Among the new national task force’s duties will be to make sure people of color, who have been disproportionately struck by the virus, are assured access to vaccines and other health care. This is a key component to the blueprint as the country takes steps to change its patterns of inequity. One of the co-chairs is Marcella Nunez-Smith, a Yale University associated professor and associate dean whose research focuses on promoting health care equality for marginalized populations.
Although the task force won’t officially be able to put any plan into action until after Jan. 20, the experts’ voices can until then be part of the chorus of sound, scientific medical advice that people need to pay attention to as hospital beds become more scarce and the spread picks up pace as predicted.
The coronavirus doesn’t care about your political leanings and neither do medical experts who are trying to slow down the spread by emphasizing the importance of mask-wearing, social distancing and testing. Vaccine distribution is on the horizon, but until it reaches us, the public needs to do what it can to protect one another.
Star Tribune, Minneapolis, Nov. 15
Country might benefit from fewer tweets
Here at what looks like a great divide — between election cycles for sure, and possibly in the very topography of the nation’s story — an inquiry: Might the United States benefit from becoming a “tweet less” society?
To be clear, that’s “tweet less,” not tweetless. Twitter — like social media in general — has many purposes. It can help people relay news about their personal lives, both happy and sad. It can be used to share information of interest and even organize events on the spot. And it can relay opinions.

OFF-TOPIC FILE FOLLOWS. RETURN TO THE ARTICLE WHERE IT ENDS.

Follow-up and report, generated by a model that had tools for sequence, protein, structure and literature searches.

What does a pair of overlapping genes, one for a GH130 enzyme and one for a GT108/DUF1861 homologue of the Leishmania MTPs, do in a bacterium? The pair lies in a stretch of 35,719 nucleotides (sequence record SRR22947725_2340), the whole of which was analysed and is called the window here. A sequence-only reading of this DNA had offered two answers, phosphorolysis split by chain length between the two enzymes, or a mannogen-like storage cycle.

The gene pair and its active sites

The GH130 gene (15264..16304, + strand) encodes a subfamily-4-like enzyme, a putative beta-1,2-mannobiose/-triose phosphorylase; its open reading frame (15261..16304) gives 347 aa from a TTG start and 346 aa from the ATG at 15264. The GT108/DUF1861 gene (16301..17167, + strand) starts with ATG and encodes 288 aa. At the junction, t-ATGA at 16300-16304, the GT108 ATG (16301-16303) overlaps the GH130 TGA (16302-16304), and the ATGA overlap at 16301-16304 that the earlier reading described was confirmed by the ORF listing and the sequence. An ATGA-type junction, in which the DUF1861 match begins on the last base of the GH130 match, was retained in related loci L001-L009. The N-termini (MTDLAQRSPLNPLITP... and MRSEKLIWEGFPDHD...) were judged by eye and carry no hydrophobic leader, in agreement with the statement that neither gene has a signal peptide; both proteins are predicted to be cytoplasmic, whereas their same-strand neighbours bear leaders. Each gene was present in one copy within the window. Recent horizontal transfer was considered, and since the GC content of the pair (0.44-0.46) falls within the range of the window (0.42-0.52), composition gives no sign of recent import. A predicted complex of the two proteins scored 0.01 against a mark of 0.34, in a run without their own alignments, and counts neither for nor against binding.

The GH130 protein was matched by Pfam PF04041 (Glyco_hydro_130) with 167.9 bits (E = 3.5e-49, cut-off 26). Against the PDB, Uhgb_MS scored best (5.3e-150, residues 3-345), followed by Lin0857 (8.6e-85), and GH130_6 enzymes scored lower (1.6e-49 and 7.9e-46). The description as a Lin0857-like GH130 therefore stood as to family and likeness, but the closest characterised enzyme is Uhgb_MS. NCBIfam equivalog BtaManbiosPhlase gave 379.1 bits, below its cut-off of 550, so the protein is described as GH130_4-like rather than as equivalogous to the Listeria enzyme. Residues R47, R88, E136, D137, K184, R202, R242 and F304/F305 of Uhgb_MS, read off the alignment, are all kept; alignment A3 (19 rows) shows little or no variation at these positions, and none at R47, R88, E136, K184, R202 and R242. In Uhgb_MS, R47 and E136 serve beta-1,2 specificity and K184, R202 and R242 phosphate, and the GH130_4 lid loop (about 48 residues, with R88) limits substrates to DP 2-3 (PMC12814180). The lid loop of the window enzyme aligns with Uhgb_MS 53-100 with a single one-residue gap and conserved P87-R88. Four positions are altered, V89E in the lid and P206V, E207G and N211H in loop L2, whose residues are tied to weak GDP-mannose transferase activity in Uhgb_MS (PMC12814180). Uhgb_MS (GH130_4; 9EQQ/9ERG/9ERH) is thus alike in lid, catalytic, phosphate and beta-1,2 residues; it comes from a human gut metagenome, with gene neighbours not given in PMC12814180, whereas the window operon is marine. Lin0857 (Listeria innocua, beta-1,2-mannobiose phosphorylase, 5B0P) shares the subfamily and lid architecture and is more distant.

The last of which, here at Star Tribune Opinion, happens to be our raison d’être. So we tweet a bit, both from our Editorial Board members’ individual accounts and from @StribOpinion, and we’ll continue to do so. (Here we’d also note, because it cannot be overemphasized, that the Editorial Board represents only the opinion arm of the Star Tribune. It does not make coverage decisions nor set policies for the newsroom.)
But standing on a soapbox is not an aspiration for all organizations. In fact, for many, it’s best avoided. That’s why they have public relations departments helping them to communicate with exacting caution. Still, they may find that even careful expression can generate controversy when the world has instant access to the medium on which it’s broadcast. A recent example involves the Girl Scouts of the United States of America.